Schmeelk: 10 Takeaways From Derek Fisher’s First Day As Knicks Coach
By John Schmeelk
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We heard a lot from Derek Fisher, Phil Jackson and Steve Mills during the head coach’s first day on the job.
1. Derek Fisher is smart. And I don’t mean basketball-player smart. I also don’t mean basketball-coach smart. This guy is executive-businessman smart. His five-plus minute opening statement, which appeared unscripted, told me all I needed about the intellect of the Knicks’ new coach. He spoke not only from the heart, but also very thoughtfully, and you can tell he thinks about the game on a different level than most players. Jackson is also a deep thinker, and their combined approach will help the Knicks navigate this retooling process patiently and responsibly. It will also help him navigate all the other things that go along with coaching the Knicks, including dealing with the media. He wasn’t fazed for a second on his first day.
2. As a player that wasn’t very gifted physically, Fisher mentioned how he had to outwork and out-think his opponents in order to succeed. The Knicks have had a severe lack of both those things on the court the last few seasons. The effort was never there consistently on defense, and they often did dumb things at the end of games.
3. Those are likely two of tge things Fisher was referring to when he spoke about how he could make the Knicks much better next year, even with the same roster. The Knicks’ defense was flawed in so many ways, and Fisher no doubt thinks he can fix that. When asked by Mike Francesca what one key tenet of his coaching approach would be, Fisher answered that there was never an excuse for letting the opposing team work harder than you. To me, that translates to defense. When asked about the triangle offense at the press conference, one of the first things Fisher mentioned was that he thought the defense would be that much better if the triangle produced higher-percentage shots.
4. He also mentioned the word “efficient” many times over the course of the press conference. To say the Knicks’ shot selection — ahem, J.R. Smith, ahem — was suspect last year would be fair. Fisher knows the team must play smarter on offense and get better shots through team play, which leads to better things.
5. Fisher also mentioned during more than one interview that he would not be married to the triangle offense. He said he thought it would fit this group of players well, but then added that they would run whatever offense works best with the players. Fisher played in the triangle in LA, in a run and gun system in Golden State, in Jerry Sloan’s motion offense, and in a more modern isolation-pick and roll system in Oklahoma City. He has seen a lot and will be able to apply all those tenets to whatever system he decides fits the Knicks best. In another interview, he mentioned that he respected how Gregg Popovich has adjusted his style to keep the Spurs competitive, and how that ability is something to be respected. I do have little doubt, however, that the triangle will be the first choice.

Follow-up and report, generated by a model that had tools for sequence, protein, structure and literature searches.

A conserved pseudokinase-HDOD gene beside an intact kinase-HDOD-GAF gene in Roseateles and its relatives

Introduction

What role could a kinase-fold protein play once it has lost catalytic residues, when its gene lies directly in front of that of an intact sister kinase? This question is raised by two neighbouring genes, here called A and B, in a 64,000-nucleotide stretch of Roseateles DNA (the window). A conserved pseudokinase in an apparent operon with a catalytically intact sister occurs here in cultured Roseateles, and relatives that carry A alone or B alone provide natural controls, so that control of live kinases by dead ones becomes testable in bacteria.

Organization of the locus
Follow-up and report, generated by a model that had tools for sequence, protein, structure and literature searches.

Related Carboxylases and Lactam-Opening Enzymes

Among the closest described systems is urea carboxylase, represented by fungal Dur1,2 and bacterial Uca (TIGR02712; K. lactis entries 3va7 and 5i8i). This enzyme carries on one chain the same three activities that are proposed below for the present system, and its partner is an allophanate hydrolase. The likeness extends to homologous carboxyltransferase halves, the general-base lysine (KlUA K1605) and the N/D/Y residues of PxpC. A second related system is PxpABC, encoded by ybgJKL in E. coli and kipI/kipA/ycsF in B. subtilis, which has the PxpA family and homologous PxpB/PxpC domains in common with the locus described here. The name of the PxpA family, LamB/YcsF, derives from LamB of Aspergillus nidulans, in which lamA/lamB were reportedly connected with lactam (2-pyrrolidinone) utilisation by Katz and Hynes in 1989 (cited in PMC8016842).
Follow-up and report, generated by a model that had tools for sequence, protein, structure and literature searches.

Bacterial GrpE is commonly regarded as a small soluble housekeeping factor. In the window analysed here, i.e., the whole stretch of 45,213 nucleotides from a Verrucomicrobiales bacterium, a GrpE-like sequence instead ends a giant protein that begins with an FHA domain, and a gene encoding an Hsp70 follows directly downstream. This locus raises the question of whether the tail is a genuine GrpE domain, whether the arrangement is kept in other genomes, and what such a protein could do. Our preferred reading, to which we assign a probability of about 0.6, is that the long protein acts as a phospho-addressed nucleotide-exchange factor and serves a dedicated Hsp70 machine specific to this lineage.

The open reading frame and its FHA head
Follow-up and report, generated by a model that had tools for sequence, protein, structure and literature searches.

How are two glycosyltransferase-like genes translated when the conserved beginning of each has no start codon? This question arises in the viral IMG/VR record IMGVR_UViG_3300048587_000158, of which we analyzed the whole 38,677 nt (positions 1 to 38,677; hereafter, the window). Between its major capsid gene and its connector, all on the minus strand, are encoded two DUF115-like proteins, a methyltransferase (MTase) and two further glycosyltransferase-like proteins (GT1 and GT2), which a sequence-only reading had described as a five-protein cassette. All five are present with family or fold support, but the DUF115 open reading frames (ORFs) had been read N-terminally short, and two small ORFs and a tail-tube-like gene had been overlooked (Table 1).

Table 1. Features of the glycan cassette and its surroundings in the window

6. When asked about his coaching style, Fisher talked about how he would coach players based on their personalities to try to reach each guy on an individual basis. It makes sense, but based on his intensity as a player, and the look in his eye when talking about the job, I have very little doubt Fisher will fall more into the “disciplinary” coaching category than “player’s coach” category. He said he will set a plan out for players and then they will have to decide to commit, buy in and give maximum effort. The unsaid part of that is that if a player chooses not to do those things, they will be out the door.
7. Fisher mentioned during the press conference that he never spoke to James Dolan during this process, and I believe it. For the most part, I believe Dolan was not involved in the nitty-gritty part of this hire. But one thing Mills said is almost unfathomable. Mills said that he saw Dolan at the Rangers game the night before, and they didn’t even talk about the Knicks’ hire of Fisher or Tuesday’s press conference. I think he doth protest too much. To think something as important as hiring the Knicks’ new head coach wasn’t even discussed is one step too far. The Garden REALLY wants people to think that Dolan is leaving Jackson alone. Hopefully that’s the truth.
8. It would appear the Knicks’ staff is going to be comprised of a good mix of veterans who can help teach Fisher the ropes, and some younger coaches that can grow along with him. If I had to predict, the staff will be comprised of Kurt Rambis, Bill Cartwright, Luke Walton, Ron Harper and Rick Fox. Knicks fans don’t like a lot of those names and faces but they will have to deal with it.
9. It’s pretty obvious the Knicks have no idea what Carmelo Anthony is going to do. But I believe they have mentally prepared themselves for the possibility he will leave and are ready to move on if need be. I don’t think this hire will affect Melo’s decision one way or another. If he thinks the Knicks give him the best chance to win as quickly as possible he’ll stay. If he doesn’t, he’ll leave. It’s that simple.
10. I feel much better about the Fisher hire after hearing him speak. Often times, players-turned-coaches will just spout cliches and speak without really saying anything. I’m looking at you Jason Kidd, and Mark Jackson (to a lesser extent). It’s clear Fisher is something different, and maybe something special. I’ll go out on a limb and predict he will coach all five years of his current contract.
Follow John on Twitter @Schmeelk for everything Knicks, Giants, Yankees and the world of sports.
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